Against the stopwatch, the test results registered by our two combatants made for interesting reading. In the zero to 100 km/h sprint stakes, the powerful RS Q3, with its sonorous 294 kW and 480 N.m five-pot, bested the Mini by a fraction of a second – 0,22 seconds to be exact – with an acceleration time of 4,93 seconds. This figure was 0,43 seconds slower than Audi’s claimed 4,50-second benchmark time. One road tester noted a lethargy with the RS Q3’s launch control system that displayed a slight hesitancy between engaging and the vehicle setting off. Beyond that, the quick-shifting seven-speed S tronic transmission shifts rapidly through its gears. The JCW Countryman’s zero to 100 km/h time, while slower at 5,15 seconds, was just five-hundredths of a second slower than Mini’s claim.
The zero to 40 km/h, to 60 km/h and 80 km/h sprint times delivered even more data to chew over. The RS Q3 was but one-hundredth of a second quicker to 40 km/h than the Countryman. To the 60 km/h marker, the Mini was 0,08 seconds quicker. From zero to 80 km/h, the Mini was again quicker than the Audi with a tested sprint time of 3,64 seconds compared to 3,81 seconds. Fractions of seconds, we agree, but notable all the same. The Mini, with its smaller 2,0-litre four- cylinder motor, managed to keep pace with the rip-snorting RS Q3. Reasonable explanations for this are that the Mini makes peak torque fractionally lower in the rev range (1 750 r/min compared to the Audi’s 1 950 r/min) and, critically, the JCW Countryman’s lighter body mass (1 651 kg versus the RS Q3’s 1 702 kg).
The RS Q3 did best the Mini from zero to 120 km/h and zero to 140 km/h and during in-gear acceleration, the Audi’s dual-clutch ’box did a commendable job of hustling through the speed range. From 60 km/h to 100 km/h and 100 km/h to 140 km/h, the RS Q3 registered times of 2,57 seconds and 3,51 seconds respectively, 0,35 seconds and 0,93 seconds quicker than the Mini.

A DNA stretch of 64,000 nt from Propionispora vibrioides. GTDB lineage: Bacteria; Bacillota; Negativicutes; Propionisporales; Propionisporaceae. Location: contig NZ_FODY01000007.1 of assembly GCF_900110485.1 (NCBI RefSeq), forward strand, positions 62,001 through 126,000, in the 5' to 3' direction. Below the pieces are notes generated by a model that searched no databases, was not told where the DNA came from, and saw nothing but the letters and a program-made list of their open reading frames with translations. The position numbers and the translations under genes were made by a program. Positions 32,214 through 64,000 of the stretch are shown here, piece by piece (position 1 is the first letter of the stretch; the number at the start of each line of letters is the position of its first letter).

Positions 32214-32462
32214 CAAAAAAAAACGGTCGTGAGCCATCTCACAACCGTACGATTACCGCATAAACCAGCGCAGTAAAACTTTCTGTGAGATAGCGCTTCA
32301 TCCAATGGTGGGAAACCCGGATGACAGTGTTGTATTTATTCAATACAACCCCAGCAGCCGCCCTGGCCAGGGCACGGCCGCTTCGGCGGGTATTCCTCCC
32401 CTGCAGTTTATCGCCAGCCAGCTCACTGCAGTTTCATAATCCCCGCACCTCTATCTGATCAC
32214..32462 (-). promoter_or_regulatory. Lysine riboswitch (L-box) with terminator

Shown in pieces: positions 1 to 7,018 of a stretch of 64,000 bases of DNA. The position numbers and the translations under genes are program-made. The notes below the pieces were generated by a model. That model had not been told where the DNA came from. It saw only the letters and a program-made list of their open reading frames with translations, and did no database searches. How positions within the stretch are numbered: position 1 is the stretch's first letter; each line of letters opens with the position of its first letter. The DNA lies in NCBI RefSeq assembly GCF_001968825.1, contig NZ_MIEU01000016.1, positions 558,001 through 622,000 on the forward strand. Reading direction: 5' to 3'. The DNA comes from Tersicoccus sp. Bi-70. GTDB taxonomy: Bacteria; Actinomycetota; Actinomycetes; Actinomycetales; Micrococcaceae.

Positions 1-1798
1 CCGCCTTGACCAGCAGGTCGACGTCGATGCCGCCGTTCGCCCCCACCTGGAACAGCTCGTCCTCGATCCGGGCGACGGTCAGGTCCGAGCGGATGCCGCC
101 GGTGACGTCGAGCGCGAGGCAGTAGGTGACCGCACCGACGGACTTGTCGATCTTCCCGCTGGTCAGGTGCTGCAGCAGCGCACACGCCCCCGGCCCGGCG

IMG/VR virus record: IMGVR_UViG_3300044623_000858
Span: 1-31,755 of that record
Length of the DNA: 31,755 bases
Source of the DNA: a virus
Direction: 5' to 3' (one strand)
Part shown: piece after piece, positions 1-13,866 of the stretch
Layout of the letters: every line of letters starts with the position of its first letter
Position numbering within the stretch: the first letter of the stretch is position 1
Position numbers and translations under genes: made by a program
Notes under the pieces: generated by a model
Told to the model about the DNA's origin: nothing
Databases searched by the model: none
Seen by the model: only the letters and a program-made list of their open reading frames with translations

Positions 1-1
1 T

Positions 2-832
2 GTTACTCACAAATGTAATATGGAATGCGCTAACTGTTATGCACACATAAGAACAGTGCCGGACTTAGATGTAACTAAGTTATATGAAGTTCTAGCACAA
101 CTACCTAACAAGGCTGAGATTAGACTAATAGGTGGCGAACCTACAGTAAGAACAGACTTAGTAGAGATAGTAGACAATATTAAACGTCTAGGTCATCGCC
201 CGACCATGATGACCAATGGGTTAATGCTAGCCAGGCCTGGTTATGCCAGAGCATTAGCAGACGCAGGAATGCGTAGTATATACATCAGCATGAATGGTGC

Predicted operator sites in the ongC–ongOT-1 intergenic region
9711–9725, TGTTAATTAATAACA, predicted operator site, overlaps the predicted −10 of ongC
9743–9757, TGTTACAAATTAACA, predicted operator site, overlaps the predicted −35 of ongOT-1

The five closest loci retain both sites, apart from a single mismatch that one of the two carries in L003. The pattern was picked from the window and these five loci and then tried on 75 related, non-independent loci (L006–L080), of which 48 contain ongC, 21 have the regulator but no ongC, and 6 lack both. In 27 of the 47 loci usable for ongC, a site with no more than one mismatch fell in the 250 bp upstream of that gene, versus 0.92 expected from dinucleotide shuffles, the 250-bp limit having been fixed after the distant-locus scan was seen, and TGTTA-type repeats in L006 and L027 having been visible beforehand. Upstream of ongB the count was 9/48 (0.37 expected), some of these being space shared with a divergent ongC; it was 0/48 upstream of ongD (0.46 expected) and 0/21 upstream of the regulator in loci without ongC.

If the Audi is the tractability king, it’s the Mini that receives the nod for outstanding braking capabilities. Fitted with a redesigned sport brake system featuring four-piston callipers all-round, the Mini’s ventilated 360 mm fore and 330 mm aft discs brought it to a halt in an “excellent” (by our standards) time of 2,95 seconds over a distance of 37,38 metres. Although the RS Q3’s six-piston RS steel discs (measuring 375 mm fore and 310 mm aft) managed to bring proceedings to a halt 1,02 metres sooner, it was, on average, eight-hundredths of a second slower during our stringent 10-stop 100 km/h to zero emergency braking tests, garnering it only a “good” rating.
As far as thirst goes, on our mixed-use fuel route, the RS Q3 drank at a rate of 10,40 L/100 km from its 60-litre petrol tank, 1,40 L/100 km more than Audi’s claimed/combined figure. In our real-world consumption test, the Mini returned 8,70 L/100 km on the same route, meaning that despite being fitted with a fuel tank nine litres less capacious than the Audi’s, the Mini is capable of travelling further (586 km in theory) on a single tank of fuel.
Both Audi’s smallest RS Q offering and Mini’s most potent crossover have their merits. If we had to differentiate between the duo, the RS Q3 is the better sounding and more performance-orientated crossover, although the hesitancy off the line during our acceleration tests did take some lustre off its performance. The Mini JCW Countryman, on the other hand, exuded character from the first press of the starter button and was entertaining to drive more of the time. The performance gap between the two was marginal and merited a four-star rating for both. That said, we cannot ignore the Audi’s steeper price tag. Scores tallied, it’s the JCW Countryman that, by an absolute whisker, receives the CAR team’s winning vote. In this instance, at least, the JCW Countryman proved that less can indeed be more.
Mini JCW Countryman All4 Sports Steptronic
price: R886 840
power: 225 kW/5 000-6 250 r/min
torque: 450 N.m/1 750-4 500 r/min
0-100 km/h: 5,15 sec*
top speed: 250 km/h
CAR fuel index: 9,12 L/100 km
maint/serv plan: M5/100 000 km
Audi RS Q3 Sportback quattro S tronic
price: R1 128 000
power: 294 kW/5 850-7 000 r/min
torque: 480 N.m/2 750-5 500 r/min
0-100 km/h: 4,93 sec*
top speed: 250 km/h
CAR fuel index: 10,80 L/100 km
maint/serv plan: M5/100 000 km